There are a lot of you like me out there that grew up watching Clemson football in the 1980s.
As I have told you in many columns before, I was nine years old when Clemson won the 1981 National Championship and I remember pretty much every moment from that season. That football season is what I contribute to my obsession with sports and why I ultimately became a sportswriter.
Growing up a Clemson fan in the 1980s was a great time. In case you forgot, the Tigers were 87-25-4 in that decade. Of course, they won a national championship, five ACC Championships, five bowl games and beat national powers such as Georgia, Nebraska, Penn State, Oklahoma and Florida State.
Clemson was one of the more feared programs in the country and it was great to experience it as a fan.
Soon after I went off to college, the Tigers’ dominance slowly came to an end. By the mid-1990s, Clemson was just an afterthought on the national scene. It was also an afterthought in the ACC as Florida State came into the league and took things over.
It was 20 years, as we all know, before Clemson became relevant again in college football. By this time, my career as a sportswriter had begun and I soon found myself covering my childhood team. I’ll be honest, I was thrilled, but at the same time I was a little down, too.
I knew as a responsible journalist, who wants his readers to know he is looking out for their best interest, I had to cut my ties as a fan and look at the Clemson program objectively. Those earlier years were tough because Clemson was not always good. It was more of an average program at best.
Any sportswriter will tell you, we much rather cover a team that wins than a team that is average at best or loses. You get much better stories and find more interesting people because, let’s face it, people want to talk more win they win. But, I did my best in those mediocre years to produce the stories my readers wanted to read about.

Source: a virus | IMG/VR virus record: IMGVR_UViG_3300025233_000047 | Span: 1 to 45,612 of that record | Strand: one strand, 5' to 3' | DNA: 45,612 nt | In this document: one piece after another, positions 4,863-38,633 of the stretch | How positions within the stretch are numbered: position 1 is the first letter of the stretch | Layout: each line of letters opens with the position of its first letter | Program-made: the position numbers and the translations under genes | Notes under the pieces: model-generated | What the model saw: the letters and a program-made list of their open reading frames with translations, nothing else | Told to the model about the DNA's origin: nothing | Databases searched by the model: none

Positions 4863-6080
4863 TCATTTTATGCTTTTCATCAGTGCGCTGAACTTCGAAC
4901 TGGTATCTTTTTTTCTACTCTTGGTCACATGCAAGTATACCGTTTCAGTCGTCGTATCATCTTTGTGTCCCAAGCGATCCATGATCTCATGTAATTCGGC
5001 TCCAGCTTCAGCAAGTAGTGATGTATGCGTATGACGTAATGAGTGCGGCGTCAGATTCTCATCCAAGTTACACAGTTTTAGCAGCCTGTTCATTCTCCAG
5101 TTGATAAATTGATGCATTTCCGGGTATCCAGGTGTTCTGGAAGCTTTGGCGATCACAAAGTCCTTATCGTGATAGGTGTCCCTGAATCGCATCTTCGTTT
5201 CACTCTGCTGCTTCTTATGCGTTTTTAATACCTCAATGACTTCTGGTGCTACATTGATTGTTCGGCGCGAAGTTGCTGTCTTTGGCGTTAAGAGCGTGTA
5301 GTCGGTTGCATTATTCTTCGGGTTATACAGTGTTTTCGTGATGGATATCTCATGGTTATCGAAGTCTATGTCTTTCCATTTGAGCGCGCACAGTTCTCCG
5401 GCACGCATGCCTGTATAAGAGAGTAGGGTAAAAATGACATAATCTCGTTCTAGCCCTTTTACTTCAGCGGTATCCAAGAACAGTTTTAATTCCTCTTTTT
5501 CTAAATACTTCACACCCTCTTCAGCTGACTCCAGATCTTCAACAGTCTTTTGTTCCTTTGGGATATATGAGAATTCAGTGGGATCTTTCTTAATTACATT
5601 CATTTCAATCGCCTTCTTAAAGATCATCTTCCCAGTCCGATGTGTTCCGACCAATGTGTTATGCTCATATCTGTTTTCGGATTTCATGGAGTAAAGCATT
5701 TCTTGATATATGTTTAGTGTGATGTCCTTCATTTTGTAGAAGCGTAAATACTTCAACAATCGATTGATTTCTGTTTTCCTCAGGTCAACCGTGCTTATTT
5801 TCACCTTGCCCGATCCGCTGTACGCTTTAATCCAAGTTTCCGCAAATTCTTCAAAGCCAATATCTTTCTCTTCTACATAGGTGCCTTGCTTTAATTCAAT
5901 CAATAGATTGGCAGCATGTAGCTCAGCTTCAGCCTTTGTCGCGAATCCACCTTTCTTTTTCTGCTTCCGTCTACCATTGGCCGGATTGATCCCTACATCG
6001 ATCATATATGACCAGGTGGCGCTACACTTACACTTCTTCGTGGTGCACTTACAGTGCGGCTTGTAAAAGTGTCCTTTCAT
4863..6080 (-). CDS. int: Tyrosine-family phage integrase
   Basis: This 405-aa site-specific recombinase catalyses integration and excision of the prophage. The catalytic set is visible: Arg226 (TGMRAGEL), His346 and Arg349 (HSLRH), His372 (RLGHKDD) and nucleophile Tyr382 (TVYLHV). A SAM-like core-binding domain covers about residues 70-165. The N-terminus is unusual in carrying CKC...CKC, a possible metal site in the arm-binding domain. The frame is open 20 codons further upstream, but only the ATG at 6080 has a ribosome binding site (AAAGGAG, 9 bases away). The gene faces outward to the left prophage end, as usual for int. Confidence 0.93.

Obviously, the 2008 and 2010 seasons were the toughest to cover. In 2008, Tommy Bowden stepped down as head coach and Dabo Swinney arose from interim status to head coaching status, but by 2010 we were at that same doorstep we were at two years earlier. Clemson fans were calling for Swinney’s job after the Tigers lost five games by six points or less.
It did not help that the Tigers got humbled by rival South Carolina, 29-7, for a second straight year in the regular season finale, either.
However, I remember Swinney’s words in a press conference that year when he said the program was really close to getting over the hump and being an elite one. He believed Clemson could be great again. Many in the room, including yours truly, did not really believe it. We had heard this before so what was different? So we thought.
Well, Swinney proved us wrong. On that day, I had no idea Clemson was on the brink off having its greatest decade in the program’s history.
In the 2010s, Clemson has done as much or more than anything Danny Ford’s teams accomplished in the 1980s. With a win over Pitt on Saturday, Clemson will clinch its sixth straight 10-win season. To put that into perspective, Clemson will join an elite class that has only seen 10 other programs accomplish that in the history of college football.
To also put that in perspective, Clemson had just six 10-win teams in its entire history prior to 2011.
With its 9-0 start this season, Clemson now has a 71-19 record in the decade of the 2010s. That computes to a .789 winning percentage, the best for any decade in Clemson history.
This decade has moved ahead of the 1980s in terms of winning percentage. In the 1980s, Clemson had a .767 winning percentage, the fifth best winning percentage in college football. Since 2011, Clemson has won 65 games, second only to Alabama in the country.
In this decade, so far, Clemson has played for a national championship, won two ACC Championships, won four bowl games, finished in the top 10 three times, and has beaten powerhouses such as Auburn, LSU, Georgia, Ohio State, Florida State and Oklahoma.
So I have had the pleasure of watching my favorite team win a lot when a lot when I was a kid, and now as an adult I get to watch the program I cover win a lot as well. Never in a million years did I think I would get to be a part of something so special as a fan, and then years later experience it again, in a different way, as a sportswriter. And I never imagined they both would be exclusive to Clemson.